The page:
To be potential members, the banks must accomplish the ‘Principles of Values-Based Banking’ and meet a comprehensive set of criteria. While members may not meet all criteria, we expect – and monitor- progress over time. The GABV members complete a scorecard with quantitative and qualitative information, that is presented to the GABV Board for its approval. This scorecard is updated on annual basis. This does not mean, however, that members go through a pass/fail assessment, but rather it is an opportunity to provide feedback if requested or seen as necessary.

The GABV Scorecard set the standard for, and monitor and communicate the progress of values-based banks. The GABV Scorecard emphasises the two most distinctive factors common to values-based
institutions: serving the real economy and putting social and environmental impact at the heart of their business model. This tool that can be used by any bank.

The European Commission voted earlier this month to include nuclear energy and natural gas as environmentally sustainable investments in a new green taxonomy – what does this mean and why is this significant?

The GABV regrets the decision to include gas and nuclear in the EU green taxonomy. This decision puts at risk the credibility and achievement of the extensive work done by EU institutions in recent years to regulate the ESG finance sector. Although the market for sustainable financial products is rapidly growing, there is no common understanding and minimum benchmark for what ‘sustainability’ actually means. Trustworthy minimum standards for sustainable investments are needed to counteract greenwashing in the financial markets.

We think that both the European Commission and the European Parliament are wrong for several reasons:

  1. From an environmental perspective, gas and nuclear power are highly problematic energy sources, as the scientific and empirical evidence shows.
  2. Gas and nuclear power are well funded. The EU taxonomy, however, was designed to offer a  classification system to direct investments towards sustainable projects and activities, not to raise finance for well-established industries. Including gas and nuclear power in the EU taxonomy will affect its integrity and credibility among investors and, therefore, their ability to deliver capital and finance to genuinely green industries that need funding.
  3. The decision is not consistent with the environmental objectives defined and developed in the stakeholder process leading up to the taxonomy. They include: protecting the climate, avoiding pollution, and protecting ecosystems and biodiversity. Gas and nuclear power are contrary to these goals. Several EU countries and NGOs have announced legal challenges to the decision because it contradicts the vital ‘do no significant harm’ requirement.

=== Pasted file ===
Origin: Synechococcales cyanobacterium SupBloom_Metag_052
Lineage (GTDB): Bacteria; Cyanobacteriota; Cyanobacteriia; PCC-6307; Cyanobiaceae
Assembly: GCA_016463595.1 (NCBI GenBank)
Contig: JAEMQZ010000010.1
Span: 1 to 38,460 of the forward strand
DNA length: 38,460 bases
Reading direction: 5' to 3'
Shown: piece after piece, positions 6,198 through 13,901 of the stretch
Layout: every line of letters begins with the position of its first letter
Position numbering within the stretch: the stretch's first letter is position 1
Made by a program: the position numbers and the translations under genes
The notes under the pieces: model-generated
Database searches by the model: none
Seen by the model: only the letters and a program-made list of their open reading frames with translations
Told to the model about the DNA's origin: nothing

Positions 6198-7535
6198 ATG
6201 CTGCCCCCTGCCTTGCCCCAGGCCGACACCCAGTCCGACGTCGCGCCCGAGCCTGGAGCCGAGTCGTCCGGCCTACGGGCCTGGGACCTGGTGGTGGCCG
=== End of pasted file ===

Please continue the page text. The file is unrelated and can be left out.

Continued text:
4. The EU taxonomy is being politicised as a tool to defend the national interests of a few, instead of creating a shared framework to address the climate urgency which affects the many. It is being used to greenwash gas and nuclear power.
  5. The decision undermines the credibility of the EU when it comes to its stated objectives to protect the environment.
Why are values-based banks and ethical financial institutions so important?

Finance plays a pivotal role in shaping the economy, our society, and the environment. Banks are not simply intermediaries of money. By deciding how to allocate money, banks are important agents of change. Every loan and investment impact our communities, environment, and economic future, for better or worse. Many people depend on access to finance to live up to their full potential and enjoy a decent and dignified life.

Banking and finance, therefore, come with great responsibility. With that in mind, there’s a growing number of pioneers and banking leaders from around the world with a values-driven approach to banking. They have joined forces in the GABV with a shared mission to put finance at the service of people and the planet.

Any final thoughts?

We think the green taxonomy controversy should not derail the work in progress on social impact in the
EU Taxonomy. The GABV calls upon the EU Commission to ensure the development of an ambitious and
unambiguous social taxonomy and take into account the views of the Platform on Sustainable Finance
(PSF). In its final report, the PSF emphasised that it is crucial to define clearly what constitutes a social
investment.

Author

  • Claire is an experienced editor and writer with 25 years of experience in the publishing industry. As a tech journalist, Claire has covered every subject possible over the years, from the launch of broadband and next generation mobile networks to the arrival of the metaverse and Web3.